REVIEW ‌ The Full Monty 

Audiences get it all with The Full Monty: laughs, music, heart, and a little nudity.

The Total Package
More than a strip show, but there’s that too

When ushers brought in extra chairs to accommodate the sold out premiere of The Full Monty, they made a new first row. That led most of the women in the new second row to switch seats so they could be in the front, begging the friendly jab, “You know what they came to see.” But most of the crowd probably knew what they would see — a few average guys in the buff — but got the extra treat of a terrific, fun show with a lot of good music and great laughs.
Based on the film by the same name, The Full Monty is about Jerry Lukowski, a screw-up father who has two weeks to pay back alimony or he loses shared custody of his kid. With the help of his good-meaning, overweight buddy Dave Bukatinsky, Jerry decides to put on a male strip show with an unlikely crew, drawing in the crowd by promising to give the audience a peak at the full monty.
Written by Broadway favorite Terrence McNally with music by David Yazbek, the Broadway production was a smash, garnering nine Tony nominations. The Poccolo production, presented by Columbia’s Workshop Theatre was voted “Best Local Theatre Production” last year by the readers of Columbia’s Free Times.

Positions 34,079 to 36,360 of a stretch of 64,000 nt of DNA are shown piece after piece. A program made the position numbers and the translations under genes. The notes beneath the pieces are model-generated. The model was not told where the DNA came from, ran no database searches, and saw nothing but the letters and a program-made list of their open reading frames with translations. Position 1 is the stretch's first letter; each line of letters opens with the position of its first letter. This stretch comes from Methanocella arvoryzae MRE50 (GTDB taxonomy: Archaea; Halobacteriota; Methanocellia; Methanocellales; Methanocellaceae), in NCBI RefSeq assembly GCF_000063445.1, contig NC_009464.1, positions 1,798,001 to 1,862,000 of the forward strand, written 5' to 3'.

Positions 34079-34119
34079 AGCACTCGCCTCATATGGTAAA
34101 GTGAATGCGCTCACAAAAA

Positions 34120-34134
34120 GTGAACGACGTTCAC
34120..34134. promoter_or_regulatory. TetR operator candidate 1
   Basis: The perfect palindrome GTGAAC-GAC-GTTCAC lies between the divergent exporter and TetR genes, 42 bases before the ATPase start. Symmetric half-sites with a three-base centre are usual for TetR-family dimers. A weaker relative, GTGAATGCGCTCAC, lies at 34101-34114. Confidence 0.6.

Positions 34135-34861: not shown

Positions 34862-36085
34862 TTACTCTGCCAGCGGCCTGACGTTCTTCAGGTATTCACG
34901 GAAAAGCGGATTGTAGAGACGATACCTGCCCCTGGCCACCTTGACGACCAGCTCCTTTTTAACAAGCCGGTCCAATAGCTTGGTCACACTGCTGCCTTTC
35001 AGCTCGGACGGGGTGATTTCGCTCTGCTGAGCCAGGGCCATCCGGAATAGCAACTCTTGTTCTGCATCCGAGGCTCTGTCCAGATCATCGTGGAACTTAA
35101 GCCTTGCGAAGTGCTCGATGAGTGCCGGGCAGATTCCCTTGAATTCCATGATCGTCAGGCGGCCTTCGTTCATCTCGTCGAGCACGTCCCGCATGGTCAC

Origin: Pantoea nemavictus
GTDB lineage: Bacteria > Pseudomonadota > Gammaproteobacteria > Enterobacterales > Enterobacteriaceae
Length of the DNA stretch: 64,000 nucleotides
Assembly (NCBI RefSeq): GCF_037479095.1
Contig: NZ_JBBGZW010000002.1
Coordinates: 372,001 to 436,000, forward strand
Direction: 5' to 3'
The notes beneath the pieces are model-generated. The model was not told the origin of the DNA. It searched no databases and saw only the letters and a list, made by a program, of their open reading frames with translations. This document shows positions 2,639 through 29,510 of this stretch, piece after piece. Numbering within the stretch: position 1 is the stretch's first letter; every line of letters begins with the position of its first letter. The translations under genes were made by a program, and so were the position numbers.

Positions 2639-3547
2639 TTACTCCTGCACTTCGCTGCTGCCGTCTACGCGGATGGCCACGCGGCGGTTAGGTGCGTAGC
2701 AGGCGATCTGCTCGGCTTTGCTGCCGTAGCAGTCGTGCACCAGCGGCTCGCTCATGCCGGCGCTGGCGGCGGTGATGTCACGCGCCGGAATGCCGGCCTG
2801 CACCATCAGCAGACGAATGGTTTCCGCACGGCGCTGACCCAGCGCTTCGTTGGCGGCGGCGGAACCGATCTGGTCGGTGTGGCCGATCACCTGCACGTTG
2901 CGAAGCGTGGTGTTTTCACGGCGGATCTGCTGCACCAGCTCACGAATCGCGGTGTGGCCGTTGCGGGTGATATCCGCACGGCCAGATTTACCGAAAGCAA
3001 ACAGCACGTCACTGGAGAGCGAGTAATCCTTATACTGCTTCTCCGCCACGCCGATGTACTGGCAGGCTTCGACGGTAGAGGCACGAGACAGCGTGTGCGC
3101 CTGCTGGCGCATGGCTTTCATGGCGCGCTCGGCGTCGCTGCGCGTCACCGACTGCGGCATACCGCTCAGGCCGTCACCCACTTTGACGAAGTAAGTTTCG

While the plot may revolve around men taking their clothes off, this is a musical for the guys, too. The ladies get to have a little fun with “It’s a Woman’s World,” but even then it’s evident that this is a show about men getting over their hang-ups — be it weight, responsibility, or the expectations of others — so they can go “all the way.”
The first act is all about finding the rest of the guys. “Big-Ass Rock” and “Big Black Man” are terrific numbers, along with “Michael Jordan’s Ball,” which closes out the first act with a ray of hope that these guys can pull it off. None of the numbers will likely show up on a Best of Broadway collection, but it’s the comedy, not the chorus, that will pull audiences in.
The show’s most memorable numbers come close the end, with the heart-tugging “You Walk With Me,” and the rowdy finale “Let It Go” that you’ll probably be humming the next day.
The stand-out performance is Hunter Boyle, who steals every scene as Jeannette Burmeister, an aging piano player who helps the guys get ready for the big night.
When the moment finally arrives and these guys “hit the stage,” the final number depends on the audience. Some of the older ladies in the crowd hooted and hollered with rowdy excitement. By this point, you’d seen enough of the guys to know these weren’t the type of bodies you’d pay for, but like the loving wife or the kid proud of his papa, you just want to see them succeed. They succeed at bringing Charleston a great show. As for a review of “the full monty,” ask one of the ladies from the first row, they got the best look.

The Full Monty • Piccolo Spolleto’s Theatre Series • $26, $24 seniors/students • June 3,4,5,6 at 7 p.m. • Charleston Ballet Theatre, 477 King St. • 554-6060


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